Already approved for Non-Hodgkin's Lymphoma and Rheumatoid Arthritis,
Health Canada approves RITUXAN® (rituximab) for severe forms of vasculitis
TORONTO, Jan. 25, 2012 /CNW/ - Imagine what it would be like to live
with a rare, life-threatening disease. Imagine how worried you might
feel, particularly when you realize that there is no treatment approved
for your disorder. Canadian adults living with Granulomatosis with
Polyangiitis (GPA, also known as Wegener's Granulomatosis) and
Microscopic Polyangiitis (MPA), two severe, potentially
life-threatening forms of vasculitis, now have a treatment option to
help combat their disease.1 Today, Roche announced that RITUXAN® (rituximab), in combination with glucocorticoids, is the first medicine
approved by Health Canada for adults with severely active GPA and MPA.
"Orphan diseases of this nature are extremely difficult for patients to
accept and for physicians to treat. They are not widely understood and
treatment options are often quite limited and not optimal leaving
patients and their families feeling alone and without hope," says Dr.
Éric Rich, Rheumatologist, Director, Rheumatalogy Post-Graduate
Training Program, University of Montreal. "New treatment approaches
like RITUXAN provide therapeutic choices for physicians to use in
fighting this disease and give patients a better chance for remission."
What are GPA & MPA?
GPA and MPA are two severe forms of ANCA-Associated Vasculitis (AAV) -
or vasculitis in short - a rare and potentially life-threatening
disease in which the body's own immune system attacks healthy tissues
and cells causing inflammation of the blood vessels.1 This inflammation deprives affected tissues and organs of blood supply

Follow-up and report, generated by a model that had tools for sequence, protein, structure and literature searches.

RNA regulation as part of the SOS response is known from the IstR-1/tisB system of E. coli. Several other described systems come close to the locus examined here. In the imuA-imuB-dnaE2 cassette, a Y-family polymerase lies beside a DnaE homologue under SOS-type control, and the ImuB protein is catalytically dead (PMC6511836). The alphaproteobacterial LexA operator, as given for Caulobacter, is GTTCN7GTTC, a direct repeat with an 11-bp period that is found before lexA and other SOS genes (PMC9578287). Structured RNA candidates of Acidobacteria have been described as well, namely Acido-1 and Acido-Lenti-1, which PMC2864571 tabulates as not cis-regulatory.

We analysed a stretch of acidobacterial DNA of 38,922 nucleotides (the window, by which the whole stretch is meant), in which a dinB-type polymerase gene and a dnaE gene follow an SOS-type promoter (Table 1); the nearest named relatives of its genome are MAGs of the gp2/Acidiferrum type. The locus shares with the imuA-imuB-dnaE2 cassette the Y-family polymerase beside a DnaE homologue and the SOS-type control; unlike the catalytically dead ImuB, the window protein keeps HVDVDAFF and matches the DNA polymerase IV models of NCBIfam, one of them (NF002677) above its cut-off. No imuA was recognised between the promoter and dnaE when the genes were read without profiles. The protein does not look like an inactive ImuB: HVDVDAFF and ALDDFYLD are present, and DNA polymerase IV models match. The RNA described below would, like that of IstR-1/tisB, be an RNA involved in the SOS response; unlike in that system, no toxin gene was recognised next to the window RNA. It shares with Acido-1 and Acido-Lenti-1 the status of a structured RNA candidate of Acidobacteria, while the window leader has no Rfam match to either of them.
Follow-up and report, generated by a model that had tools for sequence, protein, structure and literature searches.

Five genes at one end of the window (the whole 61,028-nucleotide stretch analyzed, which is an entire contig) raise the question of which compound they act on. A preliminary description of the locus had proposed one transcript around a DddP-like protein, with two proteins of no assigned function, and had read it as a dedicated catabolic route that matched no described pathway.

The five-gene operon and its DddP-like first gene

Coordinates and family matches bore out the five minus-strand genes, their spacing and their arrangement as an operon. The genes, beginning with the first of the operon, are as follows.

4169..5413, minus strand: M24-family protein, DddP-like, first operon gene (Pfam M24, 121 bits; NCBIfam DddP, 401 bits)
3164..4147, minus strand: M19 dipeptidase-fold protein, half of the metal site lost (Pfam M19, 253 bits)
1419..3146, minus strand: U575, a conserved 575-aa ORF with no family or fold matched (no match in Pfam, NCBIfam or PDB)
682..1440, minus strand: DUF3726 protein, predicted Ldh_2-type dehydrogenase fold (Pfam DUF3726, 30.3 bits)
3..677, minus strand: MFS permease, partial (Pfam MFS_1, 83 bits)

resulting in tissue or organ damage, including the potential for kidney
failure or lung damage.1 Both GPA and MPA are considered orphan (rare) diseases; GPA, for
example, affects about 1 in 20,000 to 1 in 30,000 people in Canada.2 In contrast, 487 Canadians are diagnosed with a form of cancer every
day.3 GPA and MPA are unique diseases that are expressed differently from
person to person, presenting with a variety of symptoms that range in
severity; some are specific to a particular organ and others, such as
aches, pains and fatigue, are non-specific.1 Both GPA and MPA have a five-month survival rate, if left untreated.4
Treatment for Vasculitis?
Previously, there were no Health Canada approved medications to treat
GPA and MPA. The current standard of care for orphan diseases such as
vasculitis was developed in the early 1970s and has been the only
option for many years, focused primarily on reducing discomfort and
preventing serious complications.5,6 As a result, some people go into remission, but for others, the disease
remains chronic with recurring relapses. In fact, up to 20 per cent of
patients do not achieve remission with the standard of care, and up to
50 per cent of GPA patients relapse at three years following diagnosis.7
RITUXAN, in combination with glucocorticoids, is indicated for the
induction of remission in adult patients with severely active GPA and
MPA.8 RITUXAN helps stop the body's own immune system from attacking itself.
It is a therapeutic antibody that binds to a specific protein called
CD20 found on the surface of cancerous and normal B-cells.
"I was diagnosed with a rare form of vasculitis 20 years ago after I was
experiencing trouble breathing, constant headaches and nosebleeds, and
inflammation of my joints," explains Jacques Ducharme, a GPA patient.
"Now the simple act of walking or moving causes me excruciating pain.
People don't realize the physical and emotional challenges my family
and I face day in and day out as a result of living with GPA. I have to
rely heavily on my wife for constant support. Some days I can accept
what's happening to me, and other days it's more challenging. Having